The Real Tuesday Weld is music for salting your absinthe with your tears. The Real Tuesday Weld comes to you from an alternate universe where La Belle Epoque never ended. It’s a universe where the world is more refined and beautiful but no less sad, and where you, the constant listener, still can’t find a lover who stays.
Yes, more Pet Shop Boys! Because I really want to listen to a lot of sad gay music. I want to capture that feeling when you’re dancing on the outside but melancholy on the inside. Part of the hands-in-the-air scene but aloof from it. If you’re the sort who goes out dancing a lot, you know that there’s an underlying sadness that’s just part of the scene. Happily settled people don’t go out to clubs. Clubs are full of lonely people hoping to banish their loneliness through the euphoria of spasmodic movement. It’s inherently sad because the feeling is transient, the sloppy attempts to connect with strangers usually fall flat, and you wake up the next day with a hangover. The music written for clubs isn’t generally allowed to acknowledge that, because nobody wants to bring the dancefloor screeching to a halt. Pet Shop Boys are one of the few who allow you to dance it out to your melancholy. Throw you hands up in the air as you contemplate the saddening complexity of life.
Well, here’s song after my own heart. Don’t wake me from my dreams of a world where everything is exactly how it seems. Don’t wake me from my optimism and visions of a world that rewards goodness. Mostly just don’t wake me. If you’re like me – a realist – you’ve woken long ago from most of your delusions about the world. We’re all on a trajectory towards the same inevitable disaster. The only delusion I still hold on to, which you can pry from my lifeless fingers, is the belief that art is the only escape and the only thing in this world that transcends the day to day smog of living. This is why I think things like reading and listening to music are productive hobbies. Heck, for some people those are straight-up career options, but let’s not get carried away. We’re talking a lot, right now, as a culture, about the danger of putting people on pedestals and keeping them there against all odds, merely because they produce enjoyable sounds and visions. And that’s a great and important conversation, which we can’t shy away from no matter how much we might like to. In the end, it’s your call, as a consumer, to draw the line on how much value you place on any individual and their art. For some people, it’s very little. Some people don’t care much for art or music or creative endeavors in general. Those people don’t have souls, but they’re still entitled to their opinions. I still say, that anything that allows the mind to escape the real and lets some degree of wonder and beauty seep in, deserves all of the accolades and pedestals.
The songs in the Great American Standards songbook all have lives of their own by now – and why not, most of them are older than your grandmother. Even fairly obscure songs that your grandmother probably doesn’t remember listening to as a child have entire biographies. Grandma may not remember the 1937 Fred Astaire film Shall We Dance, or the sequence therein where Fred cuts a rug in a gleaming futuristic ‘factory’ with a bunch of black factory workers. But the song has gone on, in the hands of Ella Fitzgerald 20-some years later, and then in the next millennium as a remix.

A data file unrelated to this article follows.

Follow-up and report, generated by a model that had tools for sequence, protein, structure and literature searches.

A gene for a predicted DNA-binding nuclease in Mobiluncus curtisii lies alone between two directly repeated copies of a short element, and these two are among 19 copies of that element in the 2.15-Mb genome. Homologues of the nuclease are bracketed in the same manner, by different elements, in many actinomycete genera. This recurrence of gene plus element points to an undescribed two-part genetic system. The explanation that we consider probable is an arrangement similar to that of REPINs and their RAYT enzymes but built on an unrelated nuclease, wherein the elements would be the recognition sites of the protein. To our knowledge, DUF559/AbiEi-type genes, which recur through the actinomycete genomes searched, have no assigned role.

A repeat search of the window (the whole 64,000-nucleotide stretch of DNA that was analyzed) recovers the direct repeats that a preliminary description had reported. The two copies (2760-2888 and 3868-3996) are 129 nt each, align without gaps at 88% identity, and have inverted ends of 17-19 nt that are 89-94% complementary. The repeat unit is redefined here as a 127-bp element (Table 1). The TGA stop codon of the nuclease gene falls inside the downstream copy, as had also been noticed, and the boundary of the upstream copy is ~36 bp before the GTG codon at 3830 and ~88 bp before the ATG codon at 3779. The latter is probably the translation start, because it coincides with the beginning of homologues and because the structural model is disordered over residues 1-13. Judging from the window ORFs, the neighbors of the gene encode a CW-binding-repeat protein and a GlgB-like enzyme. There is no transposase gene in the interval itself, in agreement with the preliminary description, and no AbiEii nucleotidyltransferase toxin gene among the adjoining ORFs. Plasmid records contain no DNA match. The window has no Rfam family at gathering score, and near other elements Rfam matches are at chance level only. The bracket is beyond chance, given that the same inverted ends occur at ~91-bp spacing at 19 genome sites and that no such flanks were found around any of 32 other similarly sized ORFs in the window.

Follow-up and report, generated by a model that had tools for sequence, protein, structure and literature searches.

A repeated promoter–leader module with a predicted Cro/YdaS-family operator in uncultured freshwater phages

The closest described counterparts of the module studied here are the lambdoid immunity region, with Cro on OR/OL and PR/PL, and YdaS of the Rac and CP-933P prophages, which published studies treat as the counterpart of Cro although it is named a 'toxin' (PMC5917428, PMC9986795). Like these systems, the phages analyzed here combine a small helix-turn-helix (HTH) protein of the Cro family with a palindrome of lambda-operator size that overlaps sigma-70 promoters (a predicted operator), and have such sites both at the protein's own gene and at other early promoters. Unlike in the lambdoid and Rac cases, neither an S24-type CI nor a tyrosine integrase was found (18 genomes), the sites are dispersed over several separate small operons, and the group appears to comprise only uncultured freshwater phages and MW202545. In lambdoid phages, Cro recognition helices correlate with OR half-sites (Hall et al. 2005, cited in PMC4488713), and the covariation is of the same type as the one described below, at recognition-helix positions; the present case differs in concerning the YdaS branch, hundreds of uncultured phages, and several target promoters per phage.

Steely Dan is well and truly over now, what with that thing where Walter Becker died. It was, of course, very sad. But most people had accepted that Steely Dan was over and mourned their demise in the 20 years between Gaucho and Two Against Nature. It was very much an unexpected resurrection when the Dan got back together, with an equally unexpected amount of fanfare and acclaim. This wasn’t just another case of old geezers making a cynical cash-grubbing comeback to fund their boutique vineyards. Steely Dan still had a lot to say, and it was still the same sardonic misanthropy that made them the thinking man’s jazz-fusion combo back in the day. I have to say that what turned out to be their final album, Everything Must Go, is one of my favorite records, and I’ll be dashed if it isn’t an appropriately curmudgeonly high note to slide out on.
Camera Obscura has been kaput since the death of singer Carey Lander, which is honestly the unsung pop tragedy of the decade. Lander died of osteosarcoma in 2015, and although she was not the group’s sole vocalist, the others very respectfully disbanded. For a decade, Camera Obscura made the kind of sparkling, time-traveling dream pop that’s become a cottage industry in their wake. (Their only real peers are Belle & Sebastian.) Their music draws equally from French 60’s pop music, folk, the Motown girl groups, light jazz and The Smiths. It’s knowingly twee, slightly campy, melodic, and a lemonade fizz of an alternative to all those weepy serious confessional singer-songwriter types. There may be lots of similar dreampop being made right now, but Camera Obscura were the trailblazers and the standardbearers.
Everything about The Real Tuesday Weld is precious and refined like cut crystal stemware. Their refinement is in everything from their parallel-universe-cabaret aesthetic to their acclaimed videos to their literary bona fides (more than one of their albums has the distinction of being a ‘soundtrack to a novel’.) Obviously, baroque pop or antique beat or whatever portmanteau you want to call it, is something the world needs more of. The incursion of jazz, chanson, tango or other before-the-war and old-world musical influences into the world of pop is never not refreshing, and anyone who does it earns instant upgrades in the class department.